A passion for art and education leads Whitman woman full circle


By Bonnie Adams, Managing Editor

Cheryl Digaetano McPhee,

Many people throughout their careers change jobs at least several times. Cheryl Digaetano McPhee of Whitman has done not only that but has also changed her career path, earning degrees and certificates along the way. But now her first love, art, combined with her passion for education, has brought her full circle, as a teacher at the Edgar B. Davis School in Brockton.

McPhee first earned an associate’s degree at Dean Junior College in visual arts before going on to receiving a bachelor of arts degree in art history and studio art at Framingham State University.

She then decided to pursue an executive secretarial certificate program at Katherine Gibbs.

“It was a 10 week crash course,” she recalled. “It gave you a great experience in business.”

Using that base, she further learned the skills necessary to become a medical secretary, as she worked at New England Baptist Hospital and Boston IVF for 12 years.

During this period she also married her husband Bill, with whom she has three girls, twins Angela and Victoria, and Kimberly.

“I knew that we had to find a way to put the girls through school someday,” McPhee said, “so I decided to get my paralegal certification at Stonehill College.”

She finished the program as well as completing an internship but ultimately decided it was not what she wanted to do after all.

Throughout the years, art continued to play an important part of her life. She set up a small studio so she could make jewelry and took courses in advanced metal work.

“It was not just a hobby though,” she said. “While I was trying to figure out the next steps in my life, I treated it as a job.”

As a busy mom she also started substituting in the Whitman-Hanson school system, particularly enjoying time working in the elementary classes.

“I was doing it so much that several people asked me if I had ever considered teaching, particularly as I already had a [bachelor’s] degree,” she said.

The idea intrigued her. So once again, she decided to enhance her own personal education.

“At age 49 I started studying for the MTEL Com and Literacy test,” she said. “And then on my 50th birthday I took the subject test!”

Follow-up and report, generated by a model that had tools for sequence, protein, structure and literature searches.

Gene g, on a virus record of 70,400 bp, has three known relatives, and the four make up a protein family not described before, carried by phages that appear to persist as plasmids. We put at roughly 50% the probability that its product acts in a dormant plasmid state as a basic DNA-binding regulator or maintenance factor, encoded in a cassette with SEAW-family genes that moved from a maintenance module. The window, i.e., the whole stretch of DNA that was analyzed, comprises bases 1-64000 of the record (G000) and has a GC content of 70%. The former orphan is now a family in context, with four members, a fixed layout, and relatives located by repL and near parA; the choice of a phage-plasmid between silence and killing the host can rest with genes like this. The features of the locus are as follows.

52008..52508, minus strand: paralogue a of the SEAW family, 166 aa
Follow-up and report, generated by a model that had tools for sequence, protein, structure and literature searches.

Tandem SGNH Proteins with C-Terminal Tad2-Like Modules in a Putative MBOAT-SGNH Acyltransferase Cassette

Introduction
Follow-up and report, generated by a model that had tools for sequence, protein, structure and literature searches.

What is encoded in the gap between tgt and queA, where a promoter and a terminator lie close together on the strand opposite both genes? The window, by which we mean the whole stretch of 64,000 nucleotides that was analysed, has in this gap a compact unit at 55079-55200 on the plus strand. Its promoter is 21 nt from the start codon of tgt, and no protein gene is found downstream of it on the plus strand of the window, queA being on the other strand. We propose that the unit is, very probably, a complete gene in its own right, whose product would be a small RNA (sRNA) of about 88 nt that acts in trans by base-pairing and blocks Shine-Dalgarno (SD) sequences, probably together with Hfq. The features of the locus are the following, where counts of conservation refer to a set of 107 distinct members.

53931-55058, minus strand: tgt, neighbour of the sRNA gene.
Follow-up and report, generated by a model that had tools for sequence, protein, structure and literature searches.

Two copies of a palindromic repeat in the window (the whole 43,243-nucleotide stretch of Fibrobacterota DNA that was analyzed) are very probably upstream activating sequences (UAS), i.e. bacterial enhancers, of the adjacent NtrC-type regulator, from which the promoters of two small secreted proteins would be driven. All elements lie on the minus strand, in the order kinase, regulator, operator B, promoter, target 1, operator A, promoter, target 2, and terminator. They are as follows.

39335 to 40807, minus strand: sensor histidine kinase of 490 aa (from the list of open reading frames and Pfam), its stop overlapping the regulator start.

A month later she found out that had passed, earning her certification to teach art in Massachusetts.

In January 2012 she started substitute teaching in the Brockton school system, teaching kids in kindergarten to grade 5. Towards the end of the school year in 2013, she was offered a fulltime position.

“Other than getting married and having kids, it was one of the biggest thrills of my life,” she said. “At age 52, it was a wonderful opportunity! I l felt like I had arrived!”

In 2016, she received her master’s degree in secondary education from Endicott College.

“I did this online, it took a few years,” she noted. “”It wasn’t always easy but its proof it can be done!”

As a teacher at the school, McPhee works with children of many nationalities, some of whom who have had little to no art exposure.

“It’s so awesome to see a student learn about art and really start to understand it,” she said.

She does not just teach art, she emphasized, but rather links art across the entire curriculum. In doing so, she said, she helps the students learn how art is connected with the traditional subjects of math, English, history, and more.

“I teach them how art is has a relationship to everything they will learn in school,” she said.

“They learn about the elements such a color, shapes, space, value, textures, lines and form,” she added. “And the seven principles of art – balance, proportion, emphasis, patterns, rhythm, harmony and contrast. “

McPhee is grateful for a life of different work and educational experiences, as well as motherhood, all of which she said helps her now as a teacher.

“If I did this 20 years ago, I would not be where I am now in my career,” she said. “When you become a mother, you learn how to nurture. I now take that experience and use it to nurture and support other kids each day.”

“I am so proud of my students,” she added. “When they see what they can accomplish and then they are proud of themselves – that makes it so worthwhile for me.”

Cheryl Digaetano McPhee, with her husband, Bill and their daughters, (l to r) Angela, 20, Victoria, 20 and  Kimberly, 17